Kari on Sliding

by David Richardson

Cult Times #34
July 1998

Kari Wuhrer came to the fourth season of Sliders with a mission, to make tough army captain Maggie Beckett into a more likeable human being. The character was first introduced in the show’s third season, in the two-part Exodus, in which Quinn Mallory (Jerry O’Connell), Rembrandt Brown (Cleavant Derricks), Wade Welles (Sabrina Lloyd) and Professor Maximillian Arturo (John Rhys-Davies) found a parallel Earth facing extinction. By the end of Exodus, Arturo was dead, along with Maggie’s husband, and Wuhrer became a regular on the series.

Saddened by the loss of Arturo, some fans were initially critical of the bossy, hardened military woman. Wuhrer herself recognized that the character needed to lighten up, and so the Beckett we meet in the new season is kinder, more caring and much more fun to be with.

“You definitely see a softer and more emotional side to Maggie,” Wuhrer tells Cult Times. “Even though she can still be a tough, strong woman when she’s needed in combat, she’s definitely emotionally well-rounded now. Maggie shows her soft spot for each of the sliders in each of the episodes.”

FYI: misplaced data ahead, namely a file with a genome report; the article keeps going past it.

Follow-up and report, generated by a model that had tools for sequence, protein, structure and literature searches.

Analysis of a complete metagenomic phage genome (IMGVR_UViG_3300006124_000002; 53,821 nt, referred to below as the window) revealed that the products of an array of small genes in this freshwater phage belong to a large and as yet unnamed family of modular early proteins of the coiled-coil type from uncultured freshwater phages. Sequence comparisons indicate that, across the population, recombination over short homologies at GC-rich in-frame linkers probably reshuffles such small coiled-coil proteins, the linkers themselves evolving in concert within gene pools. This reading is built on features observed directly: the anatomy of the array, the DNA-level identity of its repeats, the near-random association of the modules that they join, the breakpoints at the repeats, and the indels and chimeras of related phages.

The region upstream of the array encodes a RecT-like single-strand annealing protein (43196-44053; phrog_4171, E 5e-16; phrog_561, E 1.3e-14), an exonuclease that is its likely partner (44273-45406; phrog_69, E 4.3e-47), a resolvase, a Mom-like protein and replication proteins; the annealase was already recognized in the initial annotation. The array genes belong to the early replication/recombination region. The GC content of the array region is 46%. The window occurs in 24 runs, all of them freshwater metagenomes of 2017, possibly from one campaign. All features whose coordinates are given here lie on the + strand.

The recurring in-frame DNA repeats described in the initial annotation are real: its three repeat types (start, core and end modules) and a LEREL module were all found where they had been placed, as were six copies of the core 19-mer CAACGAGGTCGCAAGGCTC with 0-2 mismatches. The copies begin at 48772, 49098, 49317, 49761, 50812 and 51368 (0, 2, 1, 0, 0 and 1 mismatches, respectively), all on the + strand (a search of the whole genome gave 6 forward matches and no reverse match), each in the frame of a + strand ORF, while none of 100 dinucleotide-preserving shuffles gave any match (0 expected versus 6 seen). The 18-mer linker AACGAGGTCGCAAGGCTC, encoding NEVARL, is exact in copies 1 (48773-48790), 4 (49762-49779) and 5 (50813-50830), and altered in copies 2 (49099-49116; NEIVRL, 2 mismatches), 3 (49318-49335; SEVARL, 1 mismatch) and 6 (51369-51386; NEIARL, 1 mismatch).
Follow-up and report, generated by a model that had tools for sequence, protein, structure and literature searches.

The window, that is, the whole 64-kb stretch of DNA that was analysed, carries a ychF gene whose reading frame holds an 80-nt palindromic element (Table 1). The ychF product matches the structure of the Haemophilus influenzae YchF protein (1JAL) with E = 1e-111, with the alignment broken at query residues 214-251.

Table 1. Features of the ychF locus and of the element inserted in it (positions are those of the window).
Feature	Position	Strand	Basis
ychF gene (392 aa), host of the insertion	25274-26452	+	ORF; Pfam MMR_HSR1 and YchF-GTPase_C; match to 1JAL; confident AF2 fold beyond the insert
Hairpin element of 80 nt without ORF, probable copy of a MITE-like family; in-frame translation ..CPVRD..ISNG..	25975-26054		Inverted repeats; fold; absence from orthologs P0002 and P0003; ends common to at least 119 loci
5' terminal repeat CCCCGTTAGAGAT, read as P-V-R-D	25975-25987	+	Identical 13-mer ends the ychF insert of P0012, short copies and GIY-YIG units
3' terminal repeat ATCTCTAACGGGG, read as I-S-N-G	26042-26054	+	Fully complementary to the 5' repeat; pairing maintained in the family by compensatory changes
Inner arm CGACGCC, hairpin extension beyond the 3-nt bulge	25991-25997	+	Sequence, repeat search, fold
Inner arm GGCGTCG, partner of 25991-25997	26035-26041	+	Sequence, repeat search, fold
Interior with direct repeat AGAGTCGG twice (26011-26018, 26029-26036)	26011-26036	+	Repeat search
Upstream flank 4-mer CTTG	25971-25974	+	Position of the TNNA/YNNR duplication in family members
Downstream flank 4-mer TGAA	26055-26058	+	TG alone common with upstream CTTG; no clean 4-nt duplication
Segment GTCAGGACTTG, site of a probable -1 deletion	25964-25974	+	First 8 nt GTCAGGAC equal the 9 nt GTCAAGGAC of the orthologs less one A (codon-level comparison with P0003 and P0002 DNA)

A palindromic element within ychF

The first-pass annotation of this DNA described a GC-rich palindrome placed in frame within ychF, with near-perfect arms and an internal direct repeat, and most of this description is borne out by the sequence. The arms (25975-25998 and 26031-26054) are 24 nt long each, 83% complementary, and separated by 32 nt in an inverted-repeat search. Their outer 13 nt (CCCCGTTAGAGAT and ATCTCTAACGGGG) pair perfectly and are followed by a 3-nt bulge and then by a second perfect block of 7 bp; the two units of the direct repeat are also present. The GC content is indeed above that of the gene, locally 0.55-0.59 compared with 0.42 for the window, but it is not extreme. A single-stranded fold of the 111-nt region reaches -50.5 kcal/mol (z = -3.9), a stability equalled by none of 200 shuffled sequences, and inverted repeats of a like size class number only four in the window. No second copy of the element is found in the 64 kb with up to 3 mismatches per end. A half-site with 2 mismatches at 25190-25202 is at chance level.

Asked to highlight stories that she found most rewarding in the fourth year, Wuhrer claims there’s plenty to choose from.

“There’s an episode where my double slides with the rest of the Sliders and I stay back at a military base with my husband’s double. So I get to re-experience him and I show a lot emotionally through that experience.

“There’s an episode set in a VR world and there’s a side to Maggie we haven’t seen before. We do an episode called Just Say Yes where drugs are the norm, and Colin and I are all doped up and there’s a definite humorous side to Maggie in that. A lot of the episodes show a lot of range.”

After three seasons on the Fox Network, the fourth year marks a change in fortunes for the show, which is now made specifically for the Sci-Fi Channel (although Sky is airing the shows first in the UK). No longer shackled by the restraints of a network, the producers have re-tooled the series to appeal to more hardened Sci-Fi fans. Sliders now has an ongoing story arc, as the sliding Kromaggs have invaded Earth Prime, and Quinn must locate his Earth Prime in order to defeat them.

I think this series is better than ever,” Wuhrer enthuses, “because we’ve relied less on special effects and we’ve given more thought to characters and story. We’ve made it more of a show about how the human condition is affected by these parallel universes.

“We now rely on good writing and creative storytelling to present the Sci-Fi circumstances. Instead of seeing a bunch of computer effects that sometimes take you out of the story because the suspension of disbelief is a little funny, we’re dealing with mostly now with human situations and characters. It’s like how Sci-Fi used to be before we had all kinds of computer stuff. I like that a lot.”